The differences between GAL, Child Representative and Attorney for the Child
In order to protect your children’s best interests in a divorce or parentage case, the judge may choose to appoint an attorney to represent your children. The judge may do this of his or her own volition, or one of the parents might request it. This usually happens if the parents are struggling to reach an agreement regarding the allocation of parental responsibilities (specifically, parenting time and decision-making).
The person being appointed is an attorney, but they can take on various roles. There are three types of attorneys who might represent your children:
- Guardian ad Litem (GAL): A GAL is an attorney who is acting like a witness. He or she interviews the parents, the children, and any other individuals deemed necessary, and then testifies as to what he or she believes is in the best interests of the children. A GAL may end up writing and filing a detailed report, or may simply appear periodically in court to provide oral reports. If the case proceeds to a hearing or trial, the GAL may be called as a witness to testify.
- Child Representative: A child representative may also conduct an investigation similar to that of a GAL, and may occasionally advise the court as to the best interests of the minor children. However, a child representative acts as an attorney rather than as a witness. Therefore, rather than testifying as to the children’s best interests (like a GAL), he or she is making arguments on behalf of the children’s best interests to the court. The child representative’s ultimate goal is to encourage settlement between the parties in a way that protects the children’s best interests. However, if the case proceeds to a hearing or trial, the child representative may question witnesses the same as the parents’ attorneys and will argue what he or she believes is in the children’s best interests based on the evidence.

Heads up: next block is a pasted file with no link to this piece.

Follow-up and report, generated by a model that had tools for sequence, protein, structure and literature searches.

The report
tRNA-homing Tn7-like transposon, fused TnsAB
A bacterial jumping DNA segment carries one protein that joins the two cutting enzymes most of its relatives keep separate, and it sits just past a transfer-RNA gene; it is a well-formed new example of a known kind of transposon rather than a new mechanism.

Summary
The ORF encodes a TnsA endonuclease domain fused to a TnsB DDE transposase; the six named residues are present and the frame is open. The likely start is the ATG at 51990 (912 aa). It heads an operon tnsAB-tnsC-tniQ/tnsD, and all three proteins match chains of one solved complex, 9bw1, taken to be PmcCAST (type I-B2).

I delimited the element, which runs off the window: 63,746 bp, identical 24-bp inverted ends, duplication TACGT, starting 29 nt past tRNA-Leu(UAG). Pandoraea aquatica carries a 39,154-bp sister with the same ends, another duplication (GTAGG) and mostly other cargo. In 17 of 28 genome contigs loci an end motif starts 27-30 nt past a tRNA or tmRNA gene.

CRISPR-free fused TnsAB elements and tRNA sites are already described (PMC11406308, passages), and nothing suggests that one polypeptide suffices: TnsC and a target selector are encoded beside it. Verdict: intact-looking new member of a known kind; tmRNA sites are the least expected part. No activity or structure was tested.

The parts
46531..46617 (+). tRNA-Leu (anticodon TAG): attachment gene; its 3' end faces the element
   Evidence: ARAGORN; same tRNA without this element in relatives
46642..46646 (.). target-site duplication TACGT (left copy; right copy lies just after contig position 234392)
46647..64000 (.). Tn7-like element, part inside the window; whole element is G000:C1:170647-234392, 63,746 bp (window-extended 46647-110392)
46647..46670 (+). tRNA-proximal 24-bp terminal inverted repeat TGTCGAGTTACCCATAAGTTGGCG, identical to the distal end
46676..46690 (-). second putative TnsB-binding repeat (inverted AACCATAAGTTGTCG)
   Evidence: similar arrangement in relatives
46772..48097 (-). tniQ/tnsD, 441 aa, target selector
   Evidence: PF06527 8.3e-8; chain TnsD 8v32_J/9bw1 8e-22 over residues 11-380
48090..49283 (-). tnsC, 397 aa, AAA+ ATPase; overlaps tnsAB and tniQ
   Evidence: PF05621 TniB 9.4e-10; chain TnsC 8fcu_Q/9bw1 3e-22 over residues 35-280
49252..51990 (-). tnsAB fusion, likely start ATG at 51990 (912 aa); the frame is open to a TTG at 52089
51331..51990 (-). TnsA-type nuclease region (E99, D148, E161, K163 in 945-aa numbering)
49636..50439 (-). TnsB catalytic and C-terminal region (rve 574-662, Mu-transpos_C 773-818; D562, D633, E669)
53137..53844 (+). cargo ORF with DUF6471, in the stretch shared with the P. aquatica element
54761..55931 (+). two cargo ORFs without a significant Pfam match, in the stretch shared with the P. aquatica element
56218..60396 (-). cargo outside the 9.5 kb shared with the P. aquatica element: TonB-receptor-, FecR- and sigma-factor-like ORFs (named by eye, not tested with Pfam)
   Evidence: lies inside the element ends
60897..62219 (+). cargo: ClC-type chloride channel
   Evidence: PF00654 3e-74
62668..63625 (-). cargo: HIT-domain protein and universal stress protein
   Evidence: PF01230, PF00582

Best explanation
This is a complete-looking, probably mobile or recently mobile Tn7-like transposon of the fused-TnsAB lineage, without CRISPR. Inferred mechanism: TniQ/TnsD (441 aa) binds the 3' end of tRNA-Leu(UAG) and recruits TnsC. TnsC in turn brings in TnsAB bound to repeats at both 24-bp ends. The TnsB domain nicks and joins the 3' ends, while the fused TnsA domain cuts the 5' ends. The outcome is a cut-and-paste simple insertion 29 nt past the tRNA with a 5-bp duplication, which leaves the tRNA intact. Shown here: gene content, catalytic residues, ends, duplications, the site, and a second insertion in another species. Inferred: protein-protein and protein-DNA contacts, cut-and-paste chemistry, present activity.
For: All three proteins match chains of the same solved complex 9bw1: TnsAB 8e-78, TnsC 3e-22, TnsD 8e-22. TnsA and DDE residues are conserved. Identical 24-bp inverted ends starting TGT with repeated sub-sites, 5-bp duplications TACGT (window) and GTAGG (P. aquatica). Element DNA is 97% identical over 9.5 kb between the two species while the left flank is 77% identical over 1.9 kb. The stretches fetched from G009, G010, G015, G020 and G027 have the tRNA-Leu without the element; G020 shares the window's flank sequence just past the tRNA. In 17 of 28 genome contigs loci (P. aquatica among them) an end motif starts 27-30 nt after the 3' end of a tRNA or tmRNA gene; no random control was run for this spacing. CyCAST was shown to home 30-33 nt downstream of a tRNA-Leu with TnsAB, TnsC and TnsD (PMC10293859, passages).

- Attorney for the Child: An attorney for the child acts as an attorney by advocating for the child the same way the parents’ attorneys advocate for them, as independent counsel. The major difference between an attorney for the child and a child representative is that while the child representative advocates for his or her own view of the child’s best interests, the attorney for the child advocates based on the child’s expression of his or her interests. Therefore, an attorney for the child is rarely appointed, and the few circumstances in which it is done are those involving a much older child, whom the court considers mature enough to decide for him or herself what is in his or her own best interests. The child has the same relationship with his or her attorney as the parents have with theirs (including confidentiality and privilege).
An important factor to consider when a GAL or child representative is being appointed is how he or she will be paid. Like most other attorneys, the GAL / child representative will require a retainer fee up front and then have an hourly billing rate. The court may divide the fees between the parents equally, or may allocate them differently depending on a number of circumstances (e.g. the proportionate income of the parties or the reason for the appointment). The court may also choose to divide the cost one way, but leave it “without prejudice and subject to future reallocation.” This means that the division of the cost may change in the future, and that change may even be retroactive to the original appointment of the GAL / child representative. There are also free or low-cost options for parties with limited financial resources when the court still thinks an attorney needs to be appointed for the children. You should discuss those options with your own attorney before the court appoints someone.
Once the attorney is appointed to represent your children, he or she will need some time to collect and review the case file from the court and the other attorneys. Then, he or she will begin the investigation. You will be asked to meet with the GAL / child representative, and depending on the current parenting arrangement, you may also be the one asked to bring the children to their meeting. It is important to be open and honest with the GAL / child representative about your legitimate concerns and your beliefs about what is best for your children. If you are unsure about what to say, feel free to ask your own attorney. Once he or she has completed the investigation, the attorneys will begin discussing recommendations regarding settlement and the best interests of your children.